are exercised by the Supreme Court of Justice, the lower courts [tribunales
and juzgados], in the manner
established by this Constitution and the law.”
Article 256 of the Constitution establishes, for its part, that “all
judicial judgments shall be grounded in this Constitution and the law.
Rulings may be freely criticized.”
The Constitution also provides that “the independence of the Judicial
branch is guaranteed,” and that “those who attack the independence of the
Judiciary and of its judges shall be disqualified from exercising any public
function for five consecutive years, in addition to being subject to any
penalties set by law.”
According to Article 249 of the Constitution, the Judicial branch
enjoys budgetary autonomy, and its budget must be approved by the Congress.
It also provides that the Judiciary will be allocated “a sum no less
than three percent of the budget for the central administration” in the
General Budget of the Nation.
The designation of the members of the Supreme Court of Justice is made
by the Senate, with the constitutional agreement of the Executive, after a
process of selecting candidates and including them on lists drawn up by the
Council of the Judiciary. The
Supreme Court of Justice, in turn, designates the members of all other tribunales
and juzgados from the list proposed
by the Council of the Judiciary. Article
261 of the Constitution provides that “the members of the Supreme Court of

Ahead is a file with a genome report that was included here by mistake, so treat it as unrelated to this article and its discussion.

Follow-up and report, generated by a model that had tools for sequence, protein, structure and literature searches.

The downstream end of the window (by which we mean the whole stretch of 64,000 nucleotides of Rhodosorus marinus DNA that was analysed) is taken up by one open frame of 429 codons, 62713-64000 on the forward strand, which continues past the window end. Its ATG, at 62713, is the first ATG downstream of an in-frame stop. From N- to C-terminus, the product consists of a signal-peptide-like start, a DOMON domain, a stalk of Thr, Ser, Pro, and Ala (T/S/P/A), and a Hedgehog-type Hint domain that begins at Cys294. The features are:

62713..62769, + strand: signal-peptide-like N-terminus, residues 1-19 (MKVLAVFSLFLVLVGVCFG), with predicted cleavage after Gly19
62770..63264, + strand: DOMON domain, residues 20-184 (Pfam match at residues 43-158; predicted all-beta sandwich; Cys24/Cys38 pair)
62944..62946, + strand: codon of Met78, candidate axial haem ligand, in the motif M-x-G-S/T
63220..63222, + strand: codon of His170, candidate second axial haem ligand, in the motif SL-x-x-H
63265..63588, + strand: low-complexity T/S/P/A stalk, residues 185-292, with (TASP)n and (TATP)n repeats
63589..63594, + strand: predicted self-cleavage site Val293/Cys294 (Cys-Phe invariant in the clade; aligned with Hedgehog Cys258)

Justice may only be removed by impeachment.
They must step down upon reaching the age of 75 years.”
Furthermore, Article 252 provides:
may not be removed from their post, seat, or rank during the time for which
they were appointed. They cannot be transferred or promoted without their
prior and express consent. They
are designated for five-year terms, to be counted from the date of their
judges who are confirmed for two terms following the term in which they were
chosen shall have tenure in the post until reaching the mandatory retirement
age established for members of the Supreme Court of Justice.
Among the duties and powers of the Supreme Court of Justice enshrined
in Article 259 of the Constitution are: the
exercise supervision of all organs of the Judiciary, and to decide, without
appeal, jurisdictional conflicts, pursuant to the law; to hear and decide
ordinary appeals established by law; to hear and decide writs of habeas
corpus, with original jurisdiction, without prejudice to the jurisdiction
of other judges or courts; to hear and decide cases of unconstitutionality; to
hear and decide on final judgments, by virtue of its power of review, in the
manner and to the extent established by law; to suspend on a preventive basis,
acting on its own or at the request of the Trial Jury for Magistrates, those